Rome, referred to by ancient poets as the Eternal City, is located on the Tiber River. It was founded in 753BC and, along with Florence, was considered one of the major centers of the Renaissance. Although the date for Rome’s founding is considered much later, there is archeological evidence of human occupation from between 10,000 to 14,000 years ago. On our trip to Rome, we were impressed by the old buildings and partial structures that are evidence of their long history.
On our first day there, we set out with a map, a vague idea where many of the attractions were and, of what we wanted to see. We saw partial structures, some appearing to be still in the excavating stages, wonderful old buildings, fountains, churches and statues. One statue was of Julius Caesar in a pose one could imagine him being in when, on the Ides of March he said his final words, ‘Et tu, Brute?’
Arriving at the Colosseum, we were amazed at its size but shouldn’t have been. It once accommodated more than 55,000 spectators who came to watch fights between gladiators and wild animals or sometimes between those who were prisoners. Construction was begun in 72AD and completed in 80AD. There were once eighty entrances, many still quite evident. The ruined portion, according to history, was damaged in an earthquake in 847. You can go inside the Colosseum, however we didn’t. (It went on the ever-growing list for my next visit.) The beauty and resilience of these incredibly old structures continued to amaze me as we looked around. On the same grounds is the Arch of Consontine, built in 314AD, another work of art.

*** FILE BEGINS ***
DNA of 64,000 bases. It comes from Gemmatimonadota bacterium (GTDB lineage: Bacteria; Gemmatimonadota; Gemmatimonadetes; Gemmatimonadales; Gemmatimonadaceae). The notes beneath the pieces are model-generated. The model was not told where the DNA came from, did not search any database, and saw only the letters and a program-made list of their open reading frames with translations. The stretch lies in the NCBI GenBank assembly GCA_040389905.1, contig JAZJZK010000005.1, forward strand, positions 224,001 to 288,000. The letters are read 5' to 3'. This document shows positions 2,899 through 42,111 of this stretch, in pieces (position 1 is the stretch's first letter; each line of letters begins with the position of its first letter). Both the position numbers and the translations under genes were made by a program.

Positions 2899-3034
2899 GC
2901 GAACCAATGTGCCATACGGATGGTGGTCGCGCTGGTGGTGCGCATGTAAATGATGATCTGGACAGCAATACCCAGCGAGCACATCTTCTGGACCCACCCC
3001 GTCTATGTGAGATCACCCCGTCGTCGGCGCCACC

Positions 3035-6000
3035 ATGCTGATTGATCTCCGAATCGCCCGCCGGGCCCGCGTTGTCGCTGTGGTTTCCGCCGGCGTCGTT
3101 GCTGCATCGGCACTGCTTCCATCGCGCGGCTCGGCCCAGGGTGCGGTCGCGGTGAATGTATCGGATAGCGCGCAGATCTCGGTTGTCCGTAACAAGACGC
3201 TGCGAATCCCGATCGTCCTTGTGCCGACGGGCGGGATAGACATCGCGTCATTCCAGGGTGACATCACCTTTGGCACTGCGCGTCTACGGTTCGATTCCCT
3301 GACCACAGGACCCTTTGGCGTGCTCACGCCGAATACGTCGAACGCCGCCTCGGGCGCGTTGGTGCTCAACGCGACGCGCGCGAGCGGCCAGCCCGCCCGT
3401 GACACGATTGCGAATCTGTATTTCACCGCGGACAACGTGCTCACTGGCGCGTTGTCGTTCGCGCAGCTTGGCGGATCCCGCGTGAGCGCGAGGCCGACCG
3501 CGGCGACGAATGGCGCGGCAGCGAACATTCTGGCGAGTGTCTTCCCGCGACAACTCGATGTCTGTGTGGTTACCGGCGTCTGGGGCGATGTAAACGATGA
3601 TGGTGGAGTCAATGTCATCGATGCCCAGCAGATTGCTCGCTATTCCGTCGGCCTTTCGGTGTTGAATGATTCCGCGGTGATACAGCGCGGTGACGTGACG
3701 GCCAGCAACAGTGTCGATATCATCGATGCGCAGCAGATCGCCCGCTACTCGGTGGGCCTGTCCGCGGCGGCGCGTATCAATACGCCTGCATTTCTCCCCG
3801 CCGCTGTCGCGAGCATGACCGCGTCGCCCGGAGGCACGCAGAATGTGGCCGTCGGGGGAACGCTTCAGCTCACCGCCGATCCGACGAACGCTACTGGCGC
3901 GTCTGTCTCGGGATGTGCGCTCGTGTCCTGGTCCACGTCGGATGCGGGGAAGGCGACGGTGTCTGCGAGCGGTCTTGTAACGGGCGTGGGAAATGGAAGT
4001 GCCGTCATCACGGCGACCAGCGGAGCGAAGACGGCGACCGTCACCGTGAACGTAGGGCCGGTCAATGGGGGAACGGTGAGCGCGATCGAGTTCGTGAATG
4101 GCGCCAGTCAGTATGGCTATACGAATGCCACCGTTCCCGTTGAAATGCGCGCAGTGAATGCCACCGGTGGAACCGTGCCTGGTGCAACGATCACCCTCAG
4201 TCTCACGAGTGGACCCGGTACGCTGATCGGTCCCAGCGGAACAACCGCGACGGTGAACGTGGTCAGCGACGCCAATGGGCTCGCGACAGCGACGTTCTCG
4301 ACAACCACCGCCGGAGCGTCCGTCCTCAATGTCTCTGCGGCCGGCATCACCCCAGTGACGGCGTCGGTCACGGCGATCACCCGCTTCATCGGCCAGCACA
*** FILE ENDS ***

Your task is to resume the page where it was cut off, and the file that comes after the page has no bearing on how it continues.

Further along in our explorations of Rome, we came to Palatine Hill. Surrounded by a high metal fence, archeologists are still excavating the ruins of what is believed to be the beginnings of the city. We were too late to go inside and unfortunately, the gates were closed for the evening. But we were able to see quite a lot through the fence. As the day grew later, we crossed the Tiber River, seeing the partial remnants of an old bridge. It seemed that everywhere we looked there were remnants and evidence of antiquity and Rome’s constant determination to unearth its history.
Eventually, with our feet becoming weary, we boarded an open tour bus and travelled the city seeing many of the sights. Early evening was now upon us so we saw a different Rome through the glow of the city’s lights. At one point we saw the Pantheon, built in 118AD. It was converted into a church in 609 and now holds the tombs of Raphael and several Italian kings. Amazingly, the marble floor is still the original. The last stop the bus was making that night was Trevi Fountain, perhaps saving the best for last. This fountain, completed in 1762 is exquisite, a masterpiece of design. The statue of Neptune of the Sea, riding a chariot in the shape of a shell, is pulled by two sea horses. It is the focal point of the fountain with other statues surrounding the display. Although it was nighttime, it was crowded when we were there, which apparently is not unusual.
With a long walk back to our accommodations, a guest house, we realized that it was late and we were much too tired for dinner. We decided instead to stop and pick up some fruit and drinks along the way. The next day was going to be another event-filled and exciting day too.